Maker Tips: 3 Craft Show Do’s and Don’ts

Danielle Spurge Post - Maker Tips - 3 Craft Show Dos and Donts 1

Post by aftcra Guest Blogger, Danielle Spurge of Merriweather Council. Sign up for The Merriweather Council’s newsletter here.

I love to go to craft shows because it is so fun to get out of the house and be amongst crafty friends and lovers of craft! Plus it’s fun to set up your booth and talk about your work all day. I realize some people are not into this at all, but I love it and encourage everyone to do it at least a few times!

To preface these tips there is the mother of all craft show logic: only shows that suit your work, price points and appeal to your target audience. Will your people be there? This is the number one consideration! No point in investing time, money and energy into a show that doesn’t attract the people who want to buy your stuff. No matter how much promotion you do for a show you’ll be at, the organizers are the ones who will primarily determine what kind of audience this show attracts so do your research!

Ahh craft show season!! Gotta love it. On top of the main factors in craft shows such as location and target audience, you want to consider a few more things that are specific to you and your product’s presentation at a show. Being mindful of display, attitude and personal behavior is essential when doing a show! Here are my personal craft show do’s and don’ts for making it through this craft show season.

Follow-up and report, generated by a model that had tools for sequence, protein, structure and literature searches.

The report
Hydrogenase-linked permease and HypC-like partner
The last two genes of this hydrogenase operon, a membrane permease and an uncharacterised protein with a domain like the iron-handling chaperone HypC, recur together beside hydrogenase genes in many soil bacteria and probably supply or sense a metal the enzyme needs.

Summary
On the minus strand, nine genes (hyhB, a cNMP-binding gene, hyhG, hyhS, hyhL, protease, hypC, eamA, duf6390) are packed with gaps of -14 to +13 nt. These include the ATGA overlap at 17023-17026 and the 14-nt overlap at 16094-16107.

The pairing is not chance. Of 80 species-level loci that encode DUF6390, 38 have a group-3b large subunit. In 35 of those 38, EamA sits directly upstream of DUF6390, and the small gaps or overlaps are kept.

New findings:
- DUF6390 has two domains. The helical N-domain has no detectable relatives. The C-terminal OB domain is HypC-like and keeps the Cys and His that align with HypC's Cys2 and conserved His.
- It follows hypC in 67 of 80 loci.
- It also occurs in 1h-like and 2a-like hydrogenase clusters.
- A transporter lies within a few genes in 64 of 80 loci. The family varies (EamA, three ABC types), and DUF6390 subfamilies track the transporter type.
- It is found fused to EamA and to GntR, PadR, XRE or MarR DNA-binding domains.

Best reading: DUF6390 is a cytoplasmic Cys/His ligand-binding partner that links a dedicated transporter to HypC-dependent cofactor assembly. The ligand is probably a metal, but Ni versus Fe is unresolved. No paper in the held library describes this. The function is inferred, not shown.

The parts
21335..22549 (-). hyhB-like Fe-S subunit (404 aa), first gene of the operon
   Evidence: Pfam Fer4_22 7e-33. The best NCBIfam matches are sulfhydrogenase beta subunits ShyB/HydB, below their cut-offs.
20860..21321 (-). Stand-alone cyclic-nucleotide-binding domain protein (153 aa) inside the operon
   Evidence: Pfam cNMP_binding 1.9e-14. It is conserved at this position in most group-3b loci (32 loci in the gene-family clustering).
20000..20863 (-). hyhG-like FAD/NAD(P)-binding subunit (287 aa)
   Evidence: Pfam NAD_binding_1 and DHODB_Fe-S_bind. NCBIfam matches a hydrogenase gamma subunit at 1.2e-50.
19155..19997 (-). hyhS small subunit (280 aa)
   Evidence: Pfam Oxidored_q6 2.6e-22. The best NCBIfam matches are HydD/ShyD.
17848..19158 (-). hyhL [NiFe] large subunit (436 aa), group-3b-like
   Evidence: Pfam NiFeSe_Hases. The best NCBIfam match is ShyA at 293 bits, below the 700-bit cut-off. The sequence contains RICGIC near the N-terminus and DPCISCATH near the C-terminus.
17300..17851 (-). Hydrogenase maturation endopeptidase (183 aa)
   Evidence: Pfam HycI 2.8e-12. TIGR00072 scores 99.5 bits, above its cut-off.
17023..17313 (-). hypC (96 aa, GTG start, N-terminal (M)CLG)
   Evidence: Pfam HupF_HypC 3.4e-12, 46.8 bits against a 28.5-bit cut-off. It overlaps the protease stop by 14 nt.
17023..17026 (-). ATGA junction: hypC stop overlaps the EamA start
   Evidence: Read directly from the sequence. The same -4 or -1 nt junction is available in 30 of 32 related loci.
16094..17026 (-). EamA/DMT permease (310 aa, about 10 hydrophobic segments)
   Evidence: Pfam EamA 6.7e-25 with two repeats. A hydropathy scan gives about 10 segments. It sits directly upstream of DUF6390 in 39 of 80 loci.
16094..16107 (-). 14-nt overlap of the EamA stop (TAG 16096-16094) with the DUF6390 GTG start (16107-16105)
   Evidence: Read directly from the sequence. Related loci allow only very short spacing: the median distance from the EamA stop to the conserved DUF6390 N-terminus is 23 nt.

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3 Craft Show Do’s

1. Do Display Wisely!

You want to present your item as close to it’s “natural environment” as possible. This means that if you sell wall art, you want to display it hanging, on a “wall” in your craft show booth. Some folks are lucky – photographers and painters especially- in that people generally understand you hang these up or frame them. But if you sell an item that is a bit more cryptic, let’s say a ceramic tile, people might not “get it” if it’s just laying on the table. Give your work as much context as possible for the passerby.

2. Do Use Signage.

Signs are essential. For pricing or additional info, signs are great for giving people info they are too shy to ask about. If you have a product that is difficult to adhere a price tag to, a sign is an easy way to communicate that info. Likewise, you want your signage to promote your brand and give interest to your space, so consider hanging signs above your table or from the sides of your tent if possible – rather than only putting a sign across the front of a table, where it will be blocked as soon as someone comes to your table, which is what you want! A sign that explains you take credit cards will also go a long way.

3. Do greet customers.

Time to break out of your shell here, people! A simple hello and welcome is a nice way to let patrons know you are the person in charge of this space. A friend of mine who worked many years in retail passed this phase along to me: “let me know if i can answer any questions while you look around.” This immediately takes away the weirdness associated with “Let me know if you have any questions” / “no I’m just looking” exchange. You have already acknowledged that they are browsing, and offered a no pressure invite. Don’t harp on people, some folks find it annoying.


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3 Craft Shows Don’ts

1. Don’t spend the whole day on your phone.

Or otherwise huddled in the back corner. Be present and available for questions, discussions and most importantly, transactions! You are the brand, so be the brand!

2. Don’t only accept cash.

If you have the ability to sell online, you have the ability to accept credit card in person at a show, assuming there is decent cell service at your event’s venue. Many people will not have cash on them, don’t make it harder for people to buy from you.

3. Don’t compare yourself to your neighbors.